The movement originated as "Cursillo" in the late 1940's in the Spanish Catholic church and moved to the United States in the late 1950's. It began in the Lutheran church when lay people and clergy attended a Catholic Cursillo in 1971 in Florida and Iowa. The first Lutheran sponsored weekends were held in 1972 and have now been held in over 25 states and some foreign countries. Via de Cristo is the Lutheran expression of this method which is currently being used in many denominations including: Episcopal, Methodist, Presbyterian and Reformed churches.
Purpose of Via de Cristo
Via de Cristo is based on the essentials of Christianity, concentrating on the person and teachings of Jesus Christ. The focus is not on Via de Cristo itself, but on the local church. The objective of the movement is to inspire, challenge and equip local church members for Christian action in their homes, churches and communities.
What Happens on a Via de Cristo Weekend?
A Via de Cristo weekend is three days in length, beginning on Thursday evening and ending the following Sunday evening. The participants live, study, worship and commune together daily. Fourteen talks are given, nine by lay people and five by clergy. Following each talk, small round table discussions focus on the main points of the talk and a poster is done. The talks, in an overlapping fashion, present the Christian life, based on the person and teachings of Jesus Christ. The titles of these talks indicate their content: Ideal, Piety, Study, Sacraments, Action, Obstacles to Grace, Leaders, Environment, Life in Grace, Christian Community, and Total Security. Via de Cristo gives those attending a living understanding of basic Christian truths. There is music and singing, food and fellowship, a time for laughter and for prayer.
What Happens after a Via de Cristo Weekend?
You may attend Via de Cristo only ONCE in your life, but you are asked to build on it for the rest of your life. After you have attended a Via de Cristo weekend you are considered a Fourth Dayer (meaning the rest of your life), and you are encouraged to 1) Expand your inner spiritual life through study and church participation, 2) Become more active witnesses for Christ in your daily life. Via de Cristo also offers two ongoing means of perseverance: 1) Renewal Groups, small groups of men or women who meet regularly to study, pray, share and help one another in their quest for spiritual development, 2) Ultreya, gatherings of the local church Via de Cristo community for encouragement and fellowship.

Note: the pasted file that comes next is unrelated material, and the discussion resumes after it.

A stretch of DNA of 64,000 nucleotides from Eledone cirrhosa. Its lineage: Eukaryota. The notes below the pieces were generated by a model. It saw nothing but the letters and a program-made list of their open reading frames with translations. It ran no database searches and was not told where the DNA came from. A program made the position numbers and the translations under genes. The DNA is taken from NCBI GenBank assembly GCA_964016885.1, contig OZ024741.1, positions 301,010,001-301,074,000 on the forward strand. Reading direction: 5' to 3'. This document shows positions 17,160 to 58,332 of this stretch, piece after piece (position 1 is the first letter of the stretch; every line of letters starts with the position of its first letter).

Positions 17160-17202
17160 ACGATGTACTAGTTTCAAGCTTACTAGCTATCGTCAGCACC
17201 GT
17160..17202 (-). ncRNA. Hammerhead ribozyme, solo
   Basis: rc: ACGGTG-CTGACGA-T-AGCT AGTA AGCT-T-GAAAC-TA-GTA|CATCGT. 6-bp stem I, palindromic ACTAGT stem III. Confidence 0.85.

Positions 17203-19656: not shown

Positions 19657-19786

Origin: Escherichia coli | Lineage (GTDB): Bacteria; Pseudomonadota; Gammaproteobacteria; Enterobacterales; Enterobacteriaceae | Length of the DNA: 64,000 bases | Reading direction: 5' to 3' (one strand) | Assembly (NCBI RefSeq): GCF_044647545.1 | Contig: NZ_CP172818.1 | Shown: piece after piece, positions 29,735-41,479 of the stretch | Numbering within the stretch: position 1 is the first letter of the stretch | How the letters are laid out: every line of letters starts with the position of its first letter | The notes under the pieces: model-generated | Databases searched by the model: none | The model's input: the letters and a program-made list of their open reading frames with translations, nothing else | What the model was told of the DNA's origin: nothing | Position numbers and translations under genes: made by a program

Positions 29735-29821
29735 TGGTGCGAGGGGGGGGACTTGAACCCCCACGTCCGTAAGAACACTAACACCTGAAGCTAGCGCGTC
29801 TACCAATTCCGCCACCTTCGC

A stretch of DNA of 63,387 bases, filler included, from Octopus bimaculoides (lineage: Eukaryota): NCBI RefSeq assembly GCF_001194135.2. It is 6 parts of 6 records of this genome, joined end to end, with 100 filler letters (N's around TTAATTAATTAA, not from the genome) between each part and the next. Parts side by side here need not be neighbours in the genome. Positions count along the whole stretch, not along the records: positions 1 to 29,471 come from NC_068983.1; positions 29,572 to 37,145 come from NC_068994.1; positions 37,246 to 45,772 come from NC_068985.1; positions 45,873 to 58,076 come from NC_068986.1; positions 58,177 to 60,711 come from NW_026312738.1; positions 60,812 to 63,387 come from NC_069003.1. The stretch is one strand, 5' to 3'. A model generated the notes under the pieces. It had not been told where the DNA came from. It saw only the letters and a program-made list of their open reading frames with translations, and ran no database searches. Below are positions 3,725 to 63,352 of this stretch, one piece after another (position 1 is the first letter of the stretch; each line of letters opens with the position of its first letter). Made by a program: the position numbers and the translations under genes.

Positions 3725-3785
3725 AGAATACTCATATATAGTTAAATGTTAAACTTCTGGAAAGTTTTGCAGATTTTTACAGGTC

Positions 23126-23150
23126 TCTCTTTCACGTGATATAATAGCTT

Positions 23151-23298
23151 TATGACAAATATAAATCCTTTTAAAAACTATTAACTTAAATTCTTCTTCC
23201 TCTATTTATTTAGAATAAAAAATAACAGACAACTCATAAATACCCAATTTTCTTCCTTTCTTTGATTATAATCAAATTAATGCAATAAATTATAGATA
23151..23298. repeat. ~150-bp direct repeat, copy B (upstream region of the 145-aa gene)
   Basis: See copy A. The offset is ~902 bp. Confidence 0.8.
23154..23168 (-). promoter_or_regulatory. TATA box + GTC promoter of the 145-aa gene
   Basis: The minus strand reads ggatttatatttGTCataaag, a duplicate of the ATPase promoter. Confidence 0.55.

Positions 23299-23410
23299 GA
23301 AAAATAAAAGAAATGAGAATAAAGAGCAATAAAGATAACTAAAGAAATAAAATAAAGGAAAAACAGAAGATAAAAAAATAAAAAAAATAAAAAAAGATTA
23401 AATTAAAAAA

Who Should Attend a Via de Cristo Weekend?
Via de Cristo is intended for lay people from every walk of life, for pastors, for people who live strong and active lives in Christ, and also for those who seek to be renewed and strengthened in their relationship with Christ and the people around them. Via de Cristo weekends are usually paired, with men attending the first weekend, and women attending the second weekend. Via de Cristo is open to married couples, and single men and women. In Minnesota, members of a congregation may attend a Via de Cristo weekend after their pastor, accompanied by one or two lay people, has attended a weekend.
Keep an open mind and heart in making your decision to attend Via de Cristo. Many of those who have attended also wondered whether they should go. Now that they have attended, they want to share this wonderful gift from God. Please understand that their experience attending Via de Cristo was unique, and all the conversations in the world will not become a substitute for your weekend. You need to experience a weekend yourself to obtain it's full and life enriching value.